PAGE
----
Hands on: Huawei P30 Pro

March 26th, 2019 | by Wilson Wong
Hands on: Huawei P30 Pro
Cellphones
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Huawei certainly has its hands full in the months leading up to the big P30 Pro launch today in Paris. Away from the foldable phone unveiled last month, this “bread-and-butter” flagship model is the one that will draw more buyers.

And the Chinese firm has its work cut out for it in its bid to unseat Samsung as the top producer of smartphones. The Galaxy S10+ is has hit the right notes. Can the P30 Pro do just as well?

Hands on with the P30 Pro. PHOTO: Wilson Wong

On paper, the P30 Pro has all the necessary brawn and brain to make it a powerhouse. It comes with the same Kirin 980 processor first found on the Mate 20, for starters.

You also get 8GB of RAM to ensure things are buttery smooth when using the device. Huawei has included 256GB of internal storage, which is probably enough for daily snapshots and video clips.

For those who want to store a lot more files, the storage can be expanded using Huawei’s own nano SD memory card, first seen during the launch of the Mate 20 Pro.

A full day of use is also possible thanks to the 4,200mAh battery powering the device. It can be charged wirelessly using the 15W charging pad or through Huawei’s 40W supercharger, for those who are pressed for time.

Huawei’s P series is always about the camera and the aesthetics of the phone, as opposed to the Mate’s more business-like appeal.

So it is quite puzzling that Huawei has chosen to adopt the “tear-drop” notch to house its front-facing 32-megapixel, f2.0 camera instead of the more likeable punch-hole screen used by the Honor View 20 smartphone.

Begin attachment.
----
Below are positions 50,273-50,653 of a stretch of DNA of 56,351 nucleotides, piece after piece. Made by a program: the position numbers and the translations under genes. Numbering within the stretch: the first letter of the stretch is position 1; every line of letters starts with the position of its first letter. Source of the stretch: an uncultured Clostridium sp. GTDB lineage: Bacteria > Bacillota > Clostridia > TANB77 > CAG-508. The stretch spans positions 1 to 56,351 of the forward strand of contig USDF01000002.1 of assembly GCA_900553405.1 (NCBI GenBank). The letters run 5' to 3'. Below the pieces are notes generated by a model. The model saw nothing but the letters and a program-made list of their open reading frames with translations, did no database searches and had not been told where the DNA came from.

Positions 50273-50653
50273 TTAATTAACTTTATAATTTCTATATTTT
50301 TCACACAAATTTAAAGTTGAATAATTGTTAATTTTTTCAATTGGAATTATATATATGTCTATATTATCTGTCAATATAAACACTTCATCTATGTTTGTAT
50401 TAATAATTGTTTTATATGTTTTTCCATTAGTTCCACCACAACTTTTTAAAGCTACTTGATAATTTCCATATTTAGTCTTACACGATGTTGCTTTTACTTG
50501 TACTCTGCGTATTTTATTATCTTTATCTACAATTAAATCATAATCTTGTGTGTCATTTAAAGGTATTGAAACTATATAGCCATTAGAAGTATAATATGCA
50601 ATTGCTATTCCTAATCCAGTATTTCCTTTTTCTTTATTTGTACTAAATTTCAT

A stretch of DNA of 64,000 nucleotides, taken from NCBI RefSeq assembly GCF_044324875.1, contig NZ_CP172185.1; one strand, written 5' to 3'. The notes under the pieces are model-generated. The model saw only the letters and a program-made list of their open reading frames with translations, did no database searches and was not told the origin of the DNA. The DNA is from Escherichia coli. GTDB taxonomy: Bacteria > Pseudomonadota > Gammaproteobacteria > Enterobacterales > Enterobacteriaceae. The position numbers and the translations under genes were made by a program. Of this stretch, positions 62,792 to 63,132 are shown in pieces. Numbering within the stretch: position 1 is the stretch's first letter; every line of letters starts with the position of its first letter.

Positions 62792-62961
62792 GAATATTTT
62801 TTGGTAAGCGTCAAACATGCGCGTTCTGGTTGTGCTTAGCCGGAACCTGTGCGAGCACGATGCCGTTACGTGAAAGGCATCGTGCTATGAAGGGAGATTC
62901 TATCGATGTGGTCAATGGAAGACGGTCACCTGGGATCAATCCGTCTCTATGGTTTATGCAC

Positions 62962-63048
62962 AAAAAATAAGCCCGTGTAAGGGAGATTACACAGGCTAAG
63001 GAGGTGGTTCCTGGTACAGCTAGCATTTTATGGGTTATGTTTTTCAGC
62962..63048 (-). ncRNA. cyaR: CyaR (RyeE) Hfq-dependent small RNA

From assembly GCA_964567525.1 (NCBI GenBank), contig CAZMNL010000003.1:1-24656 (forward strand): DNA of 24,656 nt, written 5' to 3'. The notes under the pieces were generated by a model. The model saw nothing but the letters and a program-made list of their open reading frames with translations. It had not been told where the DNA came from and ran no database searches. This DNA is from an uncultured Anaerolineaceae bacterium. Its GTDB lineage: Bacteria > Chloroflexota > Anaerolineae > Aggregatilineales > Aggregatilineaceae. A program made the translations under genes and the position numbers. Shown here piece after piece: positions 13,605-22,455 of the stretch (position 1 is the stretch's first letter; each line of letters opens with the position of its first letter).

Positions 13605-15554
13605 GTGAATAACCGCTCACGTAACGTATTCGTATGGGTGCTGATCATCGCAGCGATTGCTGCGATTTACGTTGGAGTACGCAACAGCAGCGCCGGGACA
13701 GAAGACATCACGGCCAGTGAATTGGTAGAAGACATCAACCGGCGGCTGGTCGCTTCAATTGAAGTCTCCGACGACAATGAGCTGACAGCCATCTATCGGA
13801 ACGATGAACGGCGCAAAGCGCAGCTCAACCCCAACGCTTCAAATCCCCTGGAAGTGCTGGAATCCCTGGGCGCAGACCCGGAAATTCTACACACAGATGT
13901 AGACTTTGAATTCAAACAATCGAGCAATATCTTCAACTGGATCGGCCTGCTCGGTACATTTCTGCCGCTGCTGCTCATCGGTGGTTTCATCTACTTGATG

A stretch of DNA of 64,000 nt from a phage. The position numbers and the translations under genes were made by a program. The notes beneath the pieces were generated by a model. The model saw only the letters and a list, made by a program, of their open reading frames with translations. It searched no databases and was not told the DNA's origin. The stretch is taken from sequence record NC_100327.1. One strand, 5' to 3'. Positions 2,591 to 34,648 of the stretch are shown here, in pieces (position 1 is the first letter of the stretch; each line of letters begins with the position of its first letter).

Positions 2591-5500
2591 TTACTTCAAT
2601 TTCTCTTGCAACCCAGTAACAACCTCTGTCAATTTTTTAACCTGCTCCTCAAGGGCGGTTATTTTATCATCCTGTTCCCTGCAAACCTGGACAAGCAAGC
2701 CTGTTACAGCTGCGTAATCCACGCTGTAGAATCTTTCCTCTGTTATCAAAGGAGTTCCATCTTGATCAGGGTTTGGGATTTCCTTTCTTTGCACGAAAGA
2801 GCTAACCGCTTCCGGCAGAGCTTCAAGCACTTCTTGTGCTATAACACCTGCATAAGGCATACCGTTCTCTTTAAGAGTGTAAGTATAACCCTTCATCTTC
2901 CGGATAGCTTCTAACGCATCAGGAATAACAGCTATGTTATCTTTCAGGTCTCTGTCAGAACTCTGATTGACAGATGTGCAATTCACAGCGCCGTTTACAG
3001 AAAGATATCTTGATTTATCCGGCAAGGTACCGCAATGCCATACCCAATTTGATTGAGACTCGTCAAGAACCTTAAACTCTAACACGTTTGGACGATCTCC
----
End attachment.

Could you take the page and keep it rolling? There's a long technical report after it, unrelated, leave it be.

The new P30 Pro now comes in a “teardrop” notch that houses a 32-megapixel f2.0 front-facing selfie camera. The screen itself is curved around the sides just like Samsung Galaxy S10 and Huawei’s own Mate 20 Pro. PHOTO: Wilson Wong

Coupled with the fact that the 6.47-inch Full HD+ screen is of a lower resolution than the Mate 20 Pro’s, the P30 Pro is arguably the lesser endowed of the two.

To be fair, the screen resolution is sufficient for most users and the notch can still be hidden with a black bar should you choose to do so.

The new phone also adopts the same curved screen seen on the Samsung Galaxy S10+ and the Huawei Mate 20 Pro.

It does look more refined and sophisticated but it does not make the P30 Pro stand out from the other flagship phones. Users who prefer the flat screen of the P20 Pro will have to make do with the P30 instead.

The new Huawei phone has also adopted the under-screen fingerprint scanner, like the one on the Mate 20 Pro. This gives you an easy way to unlock the screen.

The alternative to the fingerprint scanner is the front-facing camera. However, the P30 Pro does not have the same 3D facial unlock system, making it less secure than the fingerprint scanner.

The P30 Pro comes with a 27mm wide angle lens, an ultra wide-angle 16mm lens and the new 125mm (5x) optical zoom that offers a 10x hybrid zoom. A Time-of-Flight depth sensor located below the flash helps with subject extraction for better bokeh effects in portraits. PHOTO: Wilson Wong

What I do like about the P30 Pro is the inclusion of the 16mm (full frame equivalent) ultra wide angle lens similar to the one on the Mate 20 Pro. This makes it a breeze to take interior shots and landscapes with the 20-megapixel sensor.

Using the same handheld night scene mode on the ultra wide-angle lens, I can easily capture low-light scenes such as Paris’ cityscape at night.

The P30 Pro has not only included the same f2.2 wide angle lens found on the Mate 20 Pro, but also feature a new f2.4 optical zoom system.

This can reach as much as 5x (125mm full-frame sensor equivalent), 10x hybrid zoom (280mm at full-frame sensor equivalent) or 50x digital zoom with the 8-megapixel sensor.